Saudi Arabia imposed a naval blockade on the Red Sea coast of northern Yemen to stem the flow of weapons and fighters to Shiite rebels along its border, a Saudi government adviser and media reports said Tuesday.
Iran, the dominant Shiite power in the Middle East, warned neighboring countries not to interfere in Yemen's internal affairs in a clear reference to predominantly Sunni Saudi Arabia. Yemen and the Saudis have accused Iran of sending money and weapons to the rebels to fight government forces. Iran denies the charge.
"We seriously recommend the regional countries and especially the neighboring countries not interfere in the internal issues of Yemen and instead try to restore stability in Yemen," Iranian Foreign Minister Manochehr Mottaki said Tuesday.
Saudi Arabia launched an air and ground offensive against the Yemeni rebels last week. The fighting has raised concerns of another proxy war in the Middle East between Iran and rival Saudi Arabia, a key U.S. ally.
Yemen has been embroiled in a sporadic, five-year conflict with Shiite rebels in northern Saada province along the border with Saudi Arabia. The Shiites accuse authorities of neglecting their needs and of allying with hard-line Sunni fundamentalists.
Fighting has intensified since August, displacing tens of thousands of people and limited their access to humanitarian aid.
Yemen's weak central government of Yemen, which has little control outside the capital San'a, is fighting on multiple fronts including the northern rebels and a separatist movement in the south. But the most worrisome is a lingering threat from al-Qaida militants.
The Saudi blockade was the latest escalation of fighting in the impoverished country at the southern tip of the Arabian peninsula.
After some border clashes between the rebels and Saudi forces last week, the Saudis responded with rare cross-border military action. They launched several days of airstrikes against the rebels, which continued on Tuesday according to the rebels.
An adviser to the Saudi government told The Associated Press on Tuesday the kingdom's warships had been ordered to search any suspected ship sailing near the Yemeni coast for weapons or fighters destined to aid the rebels. He spoke on condition of anonymity because he was not authorized to speak to the media. Saudi-owned Al-Arabiya satellite television also reported the blockade.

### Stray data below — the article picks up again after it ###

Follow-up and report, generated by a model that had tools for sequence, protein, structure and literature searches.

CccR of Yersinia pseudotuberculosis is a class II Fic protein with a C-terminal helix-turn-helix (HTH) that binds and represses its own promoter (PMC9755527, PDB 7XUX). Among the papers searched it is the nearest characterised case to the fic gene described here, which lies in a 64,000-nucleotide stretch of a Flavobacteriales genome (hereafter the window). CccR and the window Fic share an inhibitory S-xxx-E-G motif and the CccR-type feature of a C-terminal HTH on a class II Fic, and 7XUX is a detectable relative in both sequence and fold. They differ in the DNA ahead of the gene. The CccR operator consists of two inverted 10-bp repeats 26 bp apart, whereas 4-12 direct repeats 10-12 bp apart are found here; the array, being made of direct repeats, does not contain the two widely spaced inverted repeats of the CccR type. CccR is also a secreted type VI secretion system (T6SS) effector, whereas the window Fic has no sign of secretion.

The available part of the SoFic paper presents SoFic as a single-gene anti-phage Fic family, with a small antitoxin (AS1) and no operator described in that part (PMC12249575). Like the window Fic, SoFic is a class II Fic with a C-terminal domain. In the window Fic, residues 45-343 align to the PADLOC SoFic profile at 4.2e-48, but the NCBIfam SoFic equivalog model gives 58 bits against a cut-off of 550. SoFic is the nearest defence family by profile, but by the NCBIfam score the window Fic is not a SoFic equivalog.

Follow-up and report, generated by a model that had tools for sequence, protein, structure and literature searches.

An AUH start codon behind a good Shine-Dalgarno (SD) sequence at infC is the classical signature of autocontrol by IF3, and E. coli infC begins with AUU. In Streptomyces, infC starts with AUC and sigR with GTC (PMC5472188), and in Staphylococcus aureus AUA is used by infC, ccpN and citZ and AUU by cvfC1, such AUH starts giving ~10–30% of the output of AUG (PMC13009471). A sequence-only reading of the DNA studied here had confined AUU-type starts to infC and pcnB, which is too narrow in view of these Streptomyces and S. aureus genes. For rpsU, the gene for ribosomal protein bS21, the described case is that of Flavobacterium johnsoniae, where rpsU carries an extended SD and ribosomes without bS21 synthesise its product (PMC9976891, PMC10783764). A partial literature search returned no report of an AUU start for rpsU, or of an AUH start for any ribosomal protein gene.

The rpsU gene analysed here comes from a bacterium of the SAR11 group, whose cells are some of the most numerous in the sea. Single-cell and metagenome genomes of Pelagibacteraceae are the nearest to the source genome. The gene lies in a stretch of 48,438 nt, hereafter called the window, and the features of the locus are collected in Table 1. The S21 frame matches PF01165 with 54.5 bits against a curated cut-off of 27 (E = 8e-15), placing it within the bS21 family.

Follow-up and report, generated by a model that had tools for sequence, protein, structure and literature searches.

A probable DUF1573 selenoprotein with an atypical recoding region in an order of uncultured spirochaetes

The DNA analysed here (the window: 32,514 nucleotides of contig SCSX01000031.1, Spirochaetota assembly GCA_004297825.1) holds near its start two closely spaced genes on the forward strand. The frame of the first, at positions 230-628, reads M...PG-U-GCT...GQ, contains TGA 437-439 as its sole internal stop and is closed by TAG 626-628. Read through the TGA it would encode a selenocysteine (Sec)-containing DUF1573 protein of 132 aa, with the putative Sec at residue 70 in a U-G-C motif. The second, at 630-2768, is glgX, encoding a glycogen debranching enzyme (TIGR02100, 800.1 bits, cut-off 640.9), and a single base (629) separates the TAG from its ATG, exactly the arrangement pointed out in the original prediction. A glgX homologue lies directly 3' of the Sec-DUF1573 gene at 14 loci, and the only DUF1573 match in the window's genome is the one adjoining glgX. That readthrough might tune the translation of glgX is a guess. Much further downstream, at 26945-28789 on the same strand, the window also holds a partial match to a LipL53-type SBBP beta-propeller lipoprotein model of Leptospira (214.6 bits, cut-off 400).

Also Tuesday, Prince Khaled bin Sultan, the Saudi assistant defense minister, said the rebels must "withdraw dozens of kilometers" inside Yemen before the Saudi military would halt its assault.
Saudi defense expert Anwar Ashki said the Saudi army has tightened its control of the border area but has no plans to invade Yemen.
"We can say the whole area is now under control and the Saudi border is now quiet," said Ashki, who heads the Middle East Strategic and Legal research center based in the Saudi city of Jiddah. He said the Saudi military operation was totally coordinated with Yemen.
The same dynamic of an Iran-Saudi proxy war has played out in various forms in Lebanon, where Iran supports the Shiite militant Hezbollah and Saudi Arabia favors a U.S.-backed faction, and in Iraq, where Saudi Arabia and Iran have thrown support to conflicting sides in the Sunni-Shiite struggle.
For their part, the rebels known as Hawthis have denied being backed by any of the regional players.
"We have no connection with any foreign side," rebel leader Abdel-Maliki al-Hawthi said in an audio statement sent to news agencies Tuesday.
The rebels also claimed Saudi airstrikes continued on Tuesday, saying new villages had been hit deep inside Yemen and two women were killed. There was no independent confirmation of the reports.
Associated Press Writer Ahmed al-Haj contributed to this report from San'a, Yemen.